pthread_setcanceltype

PTHREAD_SETCANCELSTATE(3)  Linux Programmer's Manual PTHREAD_SETCANCELSTATE(3)



NAME
       pthread_setcancelstate, pthread_setcanceltype - set cancelability state
       and type

SYNOPSIS
       #include <pthread.h>

       int pthread_setcancelstate(int state, int *oldstate);
       int pthread_setcanceltype(int type, int *oldtype);

       Compile and link with -pthread.

DESCRIPTION
       The pthread_setcancelstate() sets the cancelability state of the
       calling thread to the value given in state.  The previous cancelability
       state of the thread is returned in the buffer pointed to by oldstate.
       The state argument must have one of the following values:

       PTHREAD_CANCEL_ENABLE
              The thread is cancelable.  This is the default cancelability
              state in all new threads, including the initial thread.  The
              thread's cancelability type determines when a cancelable thread
              will respond to a cancellation request.

       PTHREAD_CANCEL_DISABLE
              The thread is not cancelable.  If a cancellation request is
              received, it is blocked until cancelability is enabled.

       The pthread_setcanceltype() sets the cancelability type of the calling
       thread to the value given in type.  The previous cancelability type of
       the thread is returned in the buffer pointed to by oldtype.  The type
       argument must have one of the following values:

       PTHREAD_CANCEL_DEFERRED
              A cancellation request is deferred until the thread next calls a
              function that is a cancellation point (see pthreads(7)).  This
              is the default cancelability type in all new threads, including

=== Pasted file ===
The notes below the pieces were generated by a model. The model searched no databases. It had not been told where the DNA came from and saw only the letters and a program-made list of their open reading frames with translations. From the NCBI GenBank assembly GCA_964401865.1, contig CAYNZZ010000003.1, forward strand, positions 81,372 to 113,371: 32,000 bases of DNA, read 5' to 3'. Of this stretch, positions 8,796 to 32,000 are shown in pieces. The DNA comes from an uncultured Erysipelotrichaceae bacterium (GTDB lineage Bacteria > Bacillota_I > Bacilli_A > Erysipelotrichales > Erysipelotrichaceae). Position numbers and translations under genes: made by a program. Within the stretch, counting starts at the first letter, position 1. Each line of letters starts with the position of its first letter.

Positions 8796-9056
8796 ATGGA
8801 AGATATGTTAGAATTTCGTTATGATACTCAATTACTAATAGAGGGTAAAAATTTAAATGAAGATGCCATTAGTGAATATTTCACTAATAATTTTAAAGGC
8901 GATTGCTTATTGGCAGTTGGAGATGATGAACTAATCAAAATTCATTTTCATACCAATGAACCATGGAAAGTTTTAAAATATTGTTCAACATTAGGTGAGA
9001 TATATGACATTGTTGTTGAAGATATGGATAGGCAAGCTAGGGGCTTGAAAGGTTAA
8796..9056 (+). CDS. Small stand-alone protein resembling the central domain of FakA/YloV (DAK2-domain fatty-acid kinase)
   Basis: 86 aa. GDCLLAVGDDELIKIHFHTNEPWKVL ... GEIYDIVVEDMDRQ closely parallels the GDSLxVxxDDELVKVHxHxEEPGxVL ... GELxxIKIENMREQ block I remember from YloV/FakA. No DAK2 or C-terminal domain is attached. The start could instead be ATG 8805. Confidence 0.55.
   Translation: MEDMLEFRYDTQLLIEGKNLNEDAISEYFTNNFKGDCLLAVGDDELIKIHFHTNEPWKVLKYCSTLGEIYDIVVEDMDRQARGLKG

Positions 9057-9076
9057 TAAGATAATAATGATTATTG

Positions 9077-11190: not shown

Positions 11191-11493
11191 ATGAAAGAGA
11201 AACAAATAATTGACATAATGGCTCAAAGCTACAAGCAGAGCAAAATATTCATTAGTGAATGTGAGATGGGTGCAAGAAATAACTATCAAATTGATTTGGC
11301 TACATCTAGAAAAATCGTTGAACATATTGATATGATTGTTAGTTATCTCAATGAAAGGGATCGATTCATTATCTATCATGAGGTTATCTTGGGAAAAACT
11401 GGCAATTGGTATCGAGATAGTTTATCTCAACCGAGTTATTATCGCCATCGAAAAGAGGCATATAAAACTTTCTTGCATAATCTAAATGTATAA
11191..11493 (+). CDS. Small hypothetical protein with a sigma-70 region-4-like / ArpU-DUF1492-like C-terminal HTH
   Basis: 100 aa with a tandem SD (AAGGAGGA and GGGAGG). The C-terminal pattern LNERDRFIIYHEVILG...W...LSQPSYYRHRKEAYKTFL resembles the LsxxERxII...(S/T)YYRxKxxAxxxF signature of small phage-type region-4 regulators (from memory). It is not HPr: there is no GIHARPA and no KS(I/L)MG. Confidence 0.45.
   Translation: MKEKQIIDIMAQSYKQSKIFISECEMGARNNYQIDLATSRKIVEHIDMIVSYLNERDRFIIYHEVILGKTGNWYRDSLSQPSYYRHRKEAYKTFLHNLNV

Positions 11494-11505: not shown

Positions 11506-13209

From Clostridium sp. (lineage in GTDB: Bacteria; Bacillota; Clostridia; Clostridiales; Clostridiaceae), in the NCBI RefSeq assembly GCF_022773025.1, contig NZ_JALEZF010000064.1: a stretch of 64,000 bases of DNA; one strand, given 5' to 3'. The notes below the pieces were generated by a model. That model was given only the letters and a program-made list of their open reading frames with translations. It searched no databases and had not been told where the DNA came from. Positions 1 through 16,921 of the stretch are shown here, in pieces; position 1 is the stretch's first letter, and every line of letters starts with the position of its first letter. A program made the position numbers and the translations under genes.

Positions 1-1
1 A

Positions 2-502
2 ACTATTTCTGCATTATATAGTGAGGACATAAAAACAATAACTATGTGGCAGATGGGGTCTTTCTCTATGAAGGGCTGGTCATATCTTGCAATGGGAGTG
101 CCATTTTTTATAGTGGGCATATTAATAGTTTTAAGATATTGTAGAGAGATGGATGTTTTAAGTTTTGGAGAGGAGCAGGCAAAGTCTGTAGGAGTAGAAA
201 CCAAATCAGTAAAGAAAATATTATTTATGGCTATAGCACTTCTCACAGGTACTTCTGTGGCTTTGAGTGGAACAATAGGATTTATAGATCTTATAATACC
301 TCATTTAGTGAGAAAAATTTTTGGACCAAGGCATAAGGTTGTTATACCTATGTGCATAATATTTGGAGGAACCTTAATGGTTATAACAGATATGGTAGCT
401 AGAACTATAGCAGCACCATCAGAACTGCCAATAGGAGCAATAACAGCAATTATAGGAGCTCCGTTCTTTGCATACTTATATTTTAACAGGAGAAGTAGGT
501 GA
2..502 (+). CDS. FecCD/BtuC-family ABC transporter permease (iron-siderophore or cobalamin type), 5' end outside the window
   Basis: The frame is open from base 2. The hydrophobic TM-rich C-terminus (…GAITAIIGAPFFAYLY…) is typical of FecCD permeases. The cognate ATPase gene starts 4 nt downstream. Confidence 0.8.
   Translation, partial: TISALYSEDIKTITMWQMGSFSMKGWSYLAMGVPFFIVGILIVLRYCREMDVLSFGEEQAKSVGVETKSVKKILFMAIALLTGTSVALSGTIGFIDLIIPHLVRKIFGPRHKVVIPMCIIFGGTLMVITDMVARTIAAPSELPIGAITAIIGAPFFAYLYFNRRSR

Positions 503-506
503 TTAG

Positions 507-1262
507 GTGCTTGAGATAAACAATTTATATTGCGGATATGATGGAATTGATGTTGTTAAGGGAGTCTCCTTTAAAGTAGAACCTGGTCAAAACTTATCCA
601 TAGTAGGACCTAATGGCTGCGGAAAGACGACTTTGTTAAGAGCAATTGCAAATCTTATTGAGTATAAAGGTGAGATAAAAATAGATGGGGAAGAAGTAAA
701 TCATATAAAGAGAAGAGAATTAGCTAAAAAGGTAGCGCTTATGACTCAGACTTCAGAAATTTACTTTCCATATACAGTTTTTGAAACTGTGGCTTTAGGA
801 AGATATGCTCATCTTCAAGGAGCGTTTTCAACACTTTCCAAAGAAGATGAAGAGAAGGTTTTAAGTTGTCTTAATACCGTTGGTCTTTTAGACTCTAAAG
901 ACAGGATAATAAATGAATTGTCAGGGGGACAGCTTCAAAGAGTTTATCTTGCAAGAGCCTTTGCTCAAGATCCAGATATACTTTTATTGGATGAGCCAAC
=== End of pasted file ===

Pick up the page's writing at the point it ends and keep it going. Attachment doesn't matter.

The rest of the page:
the initial thread.

              Even with deferred cancellation, a cancellation point in an
              asynchronous signal handler may still be acted upon and the
              effect is as if it was an asynchronous cancellation.

       PTHREAD_CANCEL_ASYNCHRONOUS
              The thread can be canceled at any time.  (Typically, it will be
              canceled immediately upon receiving a cancellation request, but
              the system doesn't guarantee this.)

       The set-and-get operation performed by each of these functions is
       atomic with respect to other threads in the process calling the same
       function.

RETURN VALUE
       On success, these functions return 0; on error, they return a nonzero
       error number.

ERRORS
       The pthread_setcancelstate() can fail with the following error:

       EINVAL Invalid value for state.

       The pthread_setcanceltype() can fail with the following error:

       EINVAL Invalid value for type.

ATTRIBUTES
       For an explanation of the terms used in this section, see
       attributes(7).

       ┌──────────────────────────┬─────────────────────┬─────────┐
       │Interface                 Attribute           Value   │
       ├──────────────────────────┼─────────────────────┼─────────┤
       │pthread_setcancelstate(), │ Thread safety       │ MT-Safe │
       │pthread_setcanceltype()   │                     │         │
       ├──────────────────────────┼─────────────────────┼─────────┤